You have probably heard the saying, “It’s not what you know, but who you know.” Well, this refers to networking. It‘s never too early to start teaching your child about the importance of making a positive impression and learning how to connect with people. Networking doesn’t start when your child gets older and is ready to join the workforce, it starts when your child is a toddler, because you are their first teacher. Here are some important tips to teach your child how to network:
- Teach Your Child to be Helpful: Let your child know that being helpful doesn’t always mean they will get something in return. Teach them that being helpful comes from the heart. It is important that your child knows that they should always look for opportunities to be helpful, such as, reading to younger children, helping someone carry their groceries, and offering to cut a neighbors’ yard.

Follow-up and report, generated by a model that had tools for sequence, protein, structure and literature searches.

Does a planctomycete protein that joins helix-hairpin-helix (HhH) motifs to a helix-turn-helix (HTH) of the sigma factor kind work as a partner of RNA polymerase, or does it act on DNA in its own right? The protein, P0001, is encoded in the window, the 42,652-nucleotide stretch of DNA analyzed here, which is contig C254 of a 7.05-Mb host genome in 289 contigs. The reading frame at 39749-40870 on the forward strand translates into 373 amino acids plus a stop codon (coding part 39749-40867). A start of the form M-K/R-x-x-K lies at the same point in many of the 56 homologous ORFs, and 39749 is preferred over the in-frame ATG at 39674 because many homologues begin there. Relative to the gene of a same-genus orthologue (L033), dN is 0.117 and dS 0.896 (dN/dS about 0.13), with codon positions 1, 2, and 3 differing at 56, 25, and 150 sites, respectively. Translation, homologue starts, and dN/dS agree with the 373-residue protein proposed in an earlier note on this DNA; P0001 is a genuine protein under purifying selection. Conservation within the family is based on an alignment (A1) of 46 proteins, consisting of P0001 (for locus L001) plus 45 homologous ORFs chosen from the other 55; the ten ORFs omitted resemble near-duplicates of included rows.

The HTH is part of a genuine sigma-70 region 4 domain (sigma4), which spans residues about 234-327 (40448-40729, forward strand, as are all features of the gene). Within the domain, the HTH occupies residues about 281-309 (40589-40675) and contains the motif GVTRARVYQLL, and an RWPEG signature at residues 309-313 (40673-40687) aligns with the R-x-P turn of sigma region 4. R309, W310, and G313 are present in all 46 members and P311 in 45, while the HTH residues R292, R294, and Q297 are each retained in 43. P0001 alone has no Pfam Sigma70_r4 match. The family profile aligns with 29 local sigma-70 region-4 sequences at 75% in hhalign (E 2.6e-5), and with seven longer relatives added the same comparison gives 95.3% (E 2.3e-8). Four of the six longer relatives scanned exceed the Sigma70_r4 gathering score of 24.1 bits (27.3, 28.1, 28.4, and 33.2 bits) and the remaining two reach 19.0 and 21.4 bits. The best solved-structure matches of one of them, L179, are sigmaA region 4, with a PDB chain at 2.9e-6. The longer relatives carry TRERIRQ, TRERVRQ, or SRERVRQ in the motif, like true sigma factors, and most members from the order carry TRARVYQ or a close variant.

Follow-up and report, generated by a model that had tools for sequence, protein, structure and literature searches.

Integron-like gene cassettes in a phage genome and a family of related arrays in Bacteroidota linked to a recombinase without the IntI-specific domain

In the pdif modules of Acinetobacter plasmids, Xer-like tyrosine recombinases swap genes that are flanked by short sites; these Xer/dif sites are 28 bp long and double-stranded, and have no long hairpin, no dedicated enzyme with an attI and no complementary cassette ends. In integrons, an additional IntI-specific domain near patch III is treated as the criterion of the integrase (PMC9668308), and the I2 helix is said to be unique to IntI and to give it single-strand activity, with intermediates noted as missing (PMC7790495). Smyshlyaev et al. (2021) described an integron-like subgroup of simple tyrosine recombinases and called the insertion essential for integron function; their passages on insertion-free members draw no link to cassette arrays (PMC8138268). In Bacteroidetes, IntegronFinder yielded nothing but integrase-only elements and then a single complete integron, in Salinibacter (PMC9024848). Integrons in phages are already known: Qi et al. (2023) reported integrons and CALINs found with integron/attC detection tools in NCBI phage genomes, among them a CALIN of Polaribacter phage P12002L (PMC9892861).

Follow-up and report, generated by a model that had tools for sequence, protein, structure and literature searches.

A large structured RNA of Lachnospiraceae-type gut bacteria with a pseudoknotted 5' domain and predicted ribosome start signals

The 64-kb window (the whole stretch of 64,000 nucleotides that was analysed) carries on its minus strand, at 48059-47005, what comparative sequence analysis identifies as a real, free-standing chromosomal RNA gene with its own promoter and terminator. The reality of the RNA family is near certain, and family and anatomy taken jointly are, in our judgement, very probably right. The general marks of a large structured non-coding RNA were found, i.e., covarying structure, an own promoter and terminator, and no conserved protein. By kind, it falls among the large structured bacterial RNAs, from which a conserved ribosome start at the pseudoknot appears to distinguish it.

- Teach Your Child to Introduce Themselves: This shows others that they are confident. As your child gets older you should never have to introduce them to others. They should be able to take the initiative and speak for themselves.
- Teach Your Child that They Are Associated by their Friends: The saying, “Birds of a feather, flock together,” is very true. It’s not fair, but whom your child chooses to hang out with will influence their choices.
- Teach Your Child to Show Gratitude: When someone does something nice for your child, teach him or her to return the favor or even just write a thank you card. If they start early doing this, it will become a habit, as they get older.
- Teach Your Child that Age Doesn’t Define Them: No matter how old your child is they can make an impact on someone else. Encourage your child to seek ways to make their own money. Support their dreams and provide opportunities for them beyond their comfort zone.
The major key to networking is building relationships. Continue to teach your child to always be willing to meet new people and this will open up endless opportunities and build their confidence. Now that is the power of networking.
Written By: Tiffani Casurra, Staff Writer, Modern Domestic